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The Renaissance of bees

Authors


  • I am grateful to audiences at the Warburg Institute, Sussex University, and the Sixteenth Century Studies Conference in Atlanta for response to versions of this article. Thanks especially to Susan Brigden, Peter Burke, Rita Comanducci, Martin van Gelderen, Claire Preston and Flaminia Pichiorri. For general orientations to the subject of this article see Peter Burke, ‘Fables of the Bees: A Case-Study in Views of Nature and Society’, in Mikulas Teich, Roy Porter and Bo Gustafsson (eds.), Nature and Society in Historical Context (Cambridge: Cambridge University Press, 1997), 112–23; Claire Preston, Bee (London: Reaktion Books, 2006); Bee Wilson, The Hive: The Story of the Honeybee and Us (London: John Murray, 2004); Max Beier, ‘The Early Naturalists and Anatomists during the Renaissance and Seventeenth Century’, in Ray F. Smith, Thomas E. Mittler and Carroll. N. Smith (eds.), History of Entomology (Palo Alto: Annual Reviews, 1973), 81–94; and Hattie Ellis, Sweetness and Light: The Mysterious History of the Honey Bee (London: Sceptre, 2004).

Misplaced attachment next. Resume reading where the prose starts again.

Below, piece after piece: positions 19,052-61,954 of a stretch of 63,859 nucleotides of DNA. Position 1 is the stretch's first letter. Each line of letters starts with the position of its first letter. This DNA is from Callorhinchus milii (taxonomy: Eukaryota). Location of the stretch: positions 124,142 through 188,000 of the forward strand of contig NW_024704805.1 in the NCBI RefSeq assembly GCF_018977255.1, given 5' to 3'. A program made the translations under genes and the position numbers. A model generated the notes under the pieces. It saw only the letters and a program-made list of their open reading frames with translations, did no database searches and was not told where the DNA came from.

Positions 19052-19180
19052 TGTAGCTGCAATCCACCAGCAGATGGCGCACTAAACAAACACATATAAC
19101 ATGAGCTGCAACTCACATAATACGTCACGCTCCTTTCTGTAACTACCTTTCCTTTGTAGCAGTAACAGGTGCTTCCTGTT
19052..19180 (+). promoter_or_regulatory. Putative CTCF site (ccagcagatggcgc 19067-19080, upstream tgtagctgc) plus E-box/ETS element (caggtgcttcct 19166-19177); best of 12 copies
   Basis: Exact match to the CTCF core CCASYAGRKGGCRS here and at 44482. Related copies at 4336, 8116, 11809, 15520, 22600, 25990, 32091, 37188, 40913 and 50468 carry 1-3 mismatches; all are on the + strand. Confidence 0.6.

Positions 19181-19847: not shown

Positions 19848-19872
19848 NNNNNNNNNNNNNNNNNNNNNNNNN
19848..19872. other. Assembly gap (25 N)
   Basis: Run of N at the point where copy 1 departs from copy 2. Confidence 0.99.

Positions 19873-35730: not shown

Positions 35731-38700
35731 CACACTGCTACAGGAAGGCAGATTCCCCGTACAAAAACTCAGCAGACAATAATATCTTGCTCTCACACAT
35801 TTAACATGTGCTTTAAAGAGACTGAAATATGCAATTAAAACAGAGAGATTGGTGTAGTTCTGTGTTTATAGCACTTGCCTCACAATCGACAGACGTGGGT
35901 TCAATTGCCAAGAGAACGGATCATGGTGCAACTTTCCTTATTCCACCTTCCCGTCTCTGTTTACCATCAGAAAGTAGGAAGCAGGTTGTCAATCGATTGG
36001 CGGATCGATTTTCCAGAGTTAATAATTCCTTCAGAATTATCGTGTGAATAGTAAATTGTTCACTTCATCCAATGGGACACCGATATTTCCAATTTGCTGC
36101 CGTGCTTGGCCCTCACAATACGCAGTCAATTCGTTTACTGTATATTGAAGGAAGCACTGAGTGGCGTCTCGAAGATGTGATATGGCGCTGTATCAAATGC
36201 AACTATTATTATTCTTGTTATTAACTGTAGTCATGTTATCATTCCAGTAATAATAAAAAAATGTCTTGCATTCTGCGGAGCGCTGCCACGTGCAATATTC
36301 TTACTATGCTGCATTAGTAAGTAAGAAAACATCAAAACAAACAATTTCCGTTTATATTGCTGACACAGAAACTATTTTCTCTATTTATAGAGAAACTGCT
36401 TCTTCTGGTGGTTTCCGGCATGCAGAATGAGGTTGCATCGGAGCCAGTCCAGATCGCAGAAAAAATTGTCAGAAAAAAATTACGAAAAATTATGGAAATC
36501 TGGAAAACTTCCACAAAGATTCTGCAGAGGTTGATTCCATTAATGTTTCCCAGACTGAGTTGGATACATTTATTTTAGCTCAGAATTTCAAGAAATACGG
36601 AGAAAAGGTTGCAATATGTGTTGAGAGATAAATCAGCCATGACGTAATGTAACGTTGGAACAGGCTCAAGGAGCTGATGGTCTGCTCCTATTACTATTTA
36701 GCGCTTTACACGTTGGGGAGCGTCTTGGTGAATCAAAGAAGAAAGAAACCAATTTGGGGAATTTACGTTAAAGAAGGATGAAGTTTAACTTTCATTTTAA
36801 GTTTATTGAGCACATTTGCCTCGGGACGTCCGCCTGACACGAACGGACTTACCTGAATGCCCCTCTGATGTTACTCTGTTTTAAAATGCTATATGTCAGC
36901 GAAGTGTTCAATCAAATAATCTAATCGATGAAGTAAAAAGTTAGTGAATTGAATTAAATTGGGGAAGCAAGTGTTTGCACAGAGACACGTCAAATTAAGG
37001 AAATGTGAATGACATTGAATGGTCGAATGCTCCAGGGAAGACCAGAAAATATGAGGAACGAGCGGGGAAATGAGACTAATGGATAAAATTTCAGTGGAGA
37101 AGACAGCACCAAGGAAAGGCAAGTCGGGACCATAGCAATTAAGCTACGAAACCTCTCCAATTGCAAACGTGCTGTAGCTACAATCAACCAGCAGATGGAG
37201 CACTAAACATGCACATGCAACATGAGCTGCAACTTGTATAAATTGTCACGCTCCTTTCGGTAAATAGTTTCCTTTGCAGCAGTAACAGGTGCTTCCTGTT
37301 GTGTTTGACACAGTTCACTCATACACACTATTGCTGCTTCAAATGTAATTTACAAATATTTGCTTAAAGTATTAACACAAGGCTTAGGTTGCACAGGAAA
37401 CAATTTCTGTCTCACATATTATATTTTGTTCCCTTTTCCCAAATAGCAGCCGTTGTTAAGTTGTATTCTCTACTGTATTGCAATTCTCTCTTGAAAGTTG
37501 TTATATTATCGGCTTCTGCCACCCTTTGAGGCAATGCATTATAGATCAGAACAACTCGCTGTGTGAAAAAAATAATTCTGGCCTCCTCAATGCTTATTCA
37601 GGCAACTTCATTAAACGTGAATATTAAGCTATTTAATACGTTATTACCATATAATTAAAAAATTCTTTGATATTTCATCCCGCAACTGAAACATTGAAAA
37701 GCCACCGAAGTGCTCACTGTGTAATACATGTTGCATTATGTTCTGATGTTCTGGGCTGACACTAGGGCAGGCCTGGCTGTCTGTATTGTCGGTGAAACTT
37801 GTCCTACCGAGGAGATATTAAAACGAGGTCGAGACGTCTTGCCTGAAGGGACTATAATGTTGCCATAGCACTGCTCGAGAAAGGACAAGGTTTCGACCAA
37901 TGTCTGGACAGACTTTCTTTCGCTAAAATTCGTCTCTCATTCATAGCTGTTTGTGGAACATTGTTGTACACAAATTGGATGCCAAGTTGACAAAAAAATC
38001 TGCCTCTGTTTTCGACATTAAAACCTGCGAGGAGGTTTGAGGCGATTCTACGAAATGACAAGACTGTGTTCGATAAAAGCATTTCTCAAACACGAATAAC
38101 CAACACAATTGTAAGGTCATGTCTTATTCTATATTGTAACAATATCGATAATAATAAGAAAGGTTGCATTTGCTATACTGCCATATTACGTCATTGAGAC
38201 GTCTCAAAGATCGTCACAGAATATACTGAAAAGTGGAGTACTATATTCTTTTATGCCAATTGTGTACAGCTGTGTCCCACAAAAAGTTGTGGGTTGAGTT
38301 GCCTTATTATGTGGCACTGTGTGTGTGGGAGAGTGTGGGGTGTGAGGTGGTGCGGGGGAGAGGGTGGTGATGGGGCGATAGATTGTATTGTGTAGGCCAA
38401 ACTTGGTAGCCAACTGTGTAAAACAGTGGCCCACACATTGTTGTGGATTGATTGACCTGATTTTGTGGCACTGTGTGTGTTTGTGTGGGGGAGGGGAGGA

Abstract

Insects have occupied the planet for over 400 million years, humans for a mere one million. Their impact on human development has been incalculable. They are likely to outlive us. This article explores selected cases in attitudes to the honeybee, an insect with a particularly intense history of interaction with humans, from the late fifteenth to the early seventeenth centuries, mainly drawn from England and Italy, but with forays into other parts of Europe. It is argued that the Renaissance of bees is a mixed phenomenon, characterized by the elaboration of ancient and medieval ideas about these creatures; a heightened tendency to moralize about human society in the light of them; and a new curiosity for understanding them better through direct observation. The study of attitudes to bees sheds light on religion, politics, science and gender during the Renaissance.

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